When the beans are soft enough, keep them at a heavy simmer and add the shrimp by hand, a few at a time, mixing thoroughly as you go. Once all the shrimp have been added, lower the heat to a slow simmer, cover the pot and simmer for about 10 to 15 minutes.
Remove from heat and let the dutch oven sit covered for about 5 minutes. Taste again for salt and add more if desired. Remove the bay leaves and serve over long grain rice.
That's it, all there is to it.
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Hints and Tips (FAQs)
"White Beans" is a pretty generic term. There are a few varieties and you can read more about them in this article from Camellia Beans. This recipe was developed using dry Great Northern Beans, but it can be made with Navy Beans with no change in flavor or even Red Kidney Beans with a very slight change in texture and flavor. Although I have never done this, you could substitute canned beans for the dry. You should rinse the canned beans before using and adjust the cooking time.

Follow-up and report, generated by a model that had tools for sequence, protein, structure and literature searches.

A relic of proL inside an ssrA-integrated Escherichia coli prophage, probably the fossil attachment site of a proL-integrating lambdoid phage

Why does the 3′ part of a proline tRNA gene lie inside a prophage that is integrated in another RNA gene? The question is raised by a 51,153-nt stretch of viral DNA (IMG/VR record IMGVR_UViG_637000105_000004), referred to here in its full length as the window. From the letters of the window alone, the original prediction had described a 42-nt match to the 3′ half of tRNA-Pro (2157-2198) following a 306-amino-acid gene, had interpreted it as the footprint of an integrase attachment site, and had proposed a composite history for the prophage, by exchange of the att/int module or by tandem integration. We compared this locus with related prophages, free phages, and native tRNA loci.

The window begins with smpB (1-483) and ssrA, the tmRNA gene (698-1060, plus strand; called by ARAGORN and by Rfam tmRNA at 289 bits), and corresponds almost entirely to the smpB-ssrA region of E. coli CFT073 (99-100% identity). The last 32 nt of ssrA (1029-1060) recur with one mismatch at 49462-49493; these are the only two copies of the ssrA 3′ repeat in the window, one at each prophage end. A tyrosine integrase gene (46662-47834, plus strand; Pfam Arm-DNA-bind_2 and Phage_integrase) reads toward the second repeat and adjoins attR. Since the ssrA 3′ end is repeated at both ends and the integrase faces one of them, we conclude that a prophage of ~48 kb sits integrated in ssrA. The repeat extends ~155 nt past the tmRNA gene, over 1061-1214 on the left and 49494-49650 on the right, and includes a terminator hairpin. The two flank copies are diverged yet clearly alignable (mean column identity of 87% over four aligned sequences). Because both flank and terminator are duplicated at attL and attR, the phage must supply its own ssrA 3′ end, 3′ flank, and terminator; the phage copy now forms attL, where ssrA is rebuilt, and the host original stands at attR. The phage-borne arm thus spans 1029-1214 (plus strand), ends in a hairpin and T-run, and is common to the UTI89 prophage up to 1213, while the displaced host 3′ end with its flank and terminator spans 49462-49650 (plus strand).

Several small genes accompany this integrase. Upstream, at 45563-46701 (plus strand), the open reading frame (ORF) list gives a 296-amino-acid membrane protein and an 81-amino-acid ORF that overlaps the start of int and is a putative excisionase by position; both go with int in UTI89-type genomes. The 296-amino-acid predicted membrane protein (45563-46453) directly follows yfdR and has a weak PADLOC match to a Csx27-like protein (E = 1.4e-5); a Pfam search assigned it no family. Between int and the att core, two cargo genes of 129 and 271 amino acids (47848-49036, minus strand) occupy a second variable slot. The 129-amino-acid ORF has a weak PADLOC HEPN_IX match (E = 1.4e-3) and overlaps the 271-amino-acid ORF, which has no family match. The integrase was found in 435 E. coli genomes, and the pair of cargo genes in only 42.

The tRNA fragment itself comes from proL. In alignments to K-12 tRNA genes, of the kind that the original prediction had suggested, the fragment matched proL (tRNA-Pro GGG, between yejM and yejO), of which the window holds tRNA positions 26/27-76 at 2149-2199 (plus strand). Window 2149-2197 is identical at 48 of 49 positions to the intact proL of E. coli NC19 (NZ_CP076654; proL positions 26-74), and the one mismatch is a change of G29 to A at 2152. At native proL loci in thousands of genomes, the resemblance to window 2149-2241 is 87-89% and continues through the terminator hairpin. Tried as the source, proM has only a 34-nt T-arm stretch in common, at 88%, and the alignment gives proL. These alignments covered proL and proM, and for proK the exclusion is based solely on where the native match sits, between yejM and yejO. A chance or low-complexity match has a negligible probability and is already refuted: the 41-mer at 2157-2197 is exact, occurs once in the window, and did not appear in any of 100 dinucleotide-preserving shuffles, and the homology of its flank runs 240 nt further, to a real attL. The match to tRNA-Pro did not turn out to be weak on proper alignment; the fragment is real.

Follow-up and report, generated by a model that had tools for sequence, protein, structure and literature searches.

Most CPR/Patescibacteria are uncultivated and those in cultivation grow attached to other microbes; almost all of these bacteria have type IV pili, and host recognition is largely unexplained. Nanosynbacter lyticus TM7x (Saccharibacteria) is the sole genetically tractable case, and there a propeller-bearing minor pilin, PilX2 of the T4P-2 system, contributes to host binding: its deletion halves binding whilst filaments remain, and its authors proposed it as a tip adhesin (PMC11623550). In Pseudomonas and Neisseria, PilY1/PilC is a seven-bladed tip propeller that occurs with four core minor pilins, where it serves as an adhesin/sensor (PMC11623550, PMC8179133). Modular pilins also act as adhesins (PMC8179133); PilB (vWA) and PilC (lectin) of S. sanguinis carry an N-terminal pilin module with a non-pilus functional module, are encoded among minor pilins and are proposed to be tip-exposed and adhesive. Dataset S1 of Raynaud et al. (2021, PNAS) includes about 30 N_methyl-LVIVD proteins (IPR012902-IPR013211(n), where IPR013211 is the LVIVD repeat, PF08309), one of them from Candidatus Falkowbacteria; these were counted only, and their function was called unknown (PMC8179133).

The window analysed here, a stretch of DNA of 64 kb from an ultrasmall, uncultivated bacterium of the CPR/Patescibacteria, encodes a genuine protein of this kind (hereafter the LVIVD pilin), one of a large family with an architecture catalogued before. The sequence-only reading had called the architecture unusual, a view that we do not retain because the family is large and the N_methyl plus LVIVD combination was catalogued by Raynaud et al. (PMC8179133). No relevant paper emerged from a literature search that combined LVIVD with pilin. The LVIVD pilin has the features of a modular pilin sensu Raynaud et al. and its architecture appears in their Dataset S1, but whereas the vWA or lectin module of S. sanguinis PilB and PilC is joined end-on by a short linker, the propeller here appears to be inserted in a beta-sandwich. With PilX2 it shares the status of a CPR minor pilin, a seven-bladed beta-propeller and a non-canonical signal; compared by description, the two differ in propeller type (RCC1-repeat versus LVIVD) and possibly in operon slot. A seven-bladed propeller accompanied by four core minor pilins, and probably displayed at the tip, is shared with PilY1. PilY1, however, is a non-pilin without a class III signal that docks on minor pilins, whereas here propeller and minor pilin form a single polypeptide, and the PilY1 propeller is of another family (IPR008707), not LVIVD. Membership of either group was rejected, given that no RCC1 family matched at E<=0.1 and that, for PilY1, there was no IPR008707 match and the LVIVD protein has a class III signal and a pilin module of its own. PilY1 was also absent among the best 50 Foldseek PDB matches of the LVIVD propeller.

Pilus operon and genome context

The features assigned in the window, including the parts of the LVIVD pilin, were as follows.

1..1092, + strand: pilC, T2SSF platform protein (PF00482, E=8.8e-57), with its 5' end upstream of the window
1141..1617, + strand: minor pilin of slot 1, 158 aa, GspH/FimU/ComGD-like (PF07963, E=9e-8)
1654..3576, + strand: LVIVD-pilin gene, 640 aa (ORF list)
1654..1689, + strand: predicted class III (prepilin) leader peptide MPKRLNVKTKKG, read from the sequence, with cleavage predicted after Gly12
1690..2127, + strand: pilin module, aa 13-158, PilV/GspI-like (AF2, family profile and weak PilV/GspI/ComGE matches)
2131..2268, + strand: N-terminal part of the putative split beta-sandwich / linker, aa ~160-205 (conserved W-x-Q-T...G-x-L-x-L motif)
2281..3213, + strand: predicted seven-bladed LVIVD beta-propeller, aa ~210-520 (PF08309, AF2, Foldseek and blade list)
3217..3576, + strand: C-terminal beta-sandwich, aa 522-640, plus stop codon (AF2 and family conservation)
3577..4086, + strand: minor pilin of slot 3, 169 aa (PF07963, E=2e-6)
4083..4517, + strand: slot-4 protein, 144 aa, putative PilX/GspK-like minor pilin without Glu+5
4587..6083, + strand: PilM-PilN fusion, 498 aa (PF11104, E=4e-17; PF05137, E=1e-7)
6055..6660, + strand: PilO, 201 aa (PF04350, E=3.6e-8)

Leftover cooked White Beans and Shrimp can be kept in the refrigerator for 3 to 4 days. Place the cooled beans in a shallow, airtight container within a couple of hours after cooking. I recommend reheating on the stovetop. You can reheat this in the microwave, but there is a chance the shrimp will turn rubbery if heated for too long. Add a little water to thin them out, if needed.
To freeze leftover beans, place them in a shallow, airtight container and into the freezer within 2 hours of cooking. They should last about 6 months. Defrost in the refrigerator overnight and reheat on the stove or microwave.
Cooked white rice can be frozen if placed in an airtight container (using a vacuum sealer is optimal) for up to 6 months. To reheat rice on the stove, bring a saucepan of water to a boil, then place the frozen rice into the boiling water for a couple of minutes until the grains are separated and warmed through. You can also reheat defrosted rice in the microwave.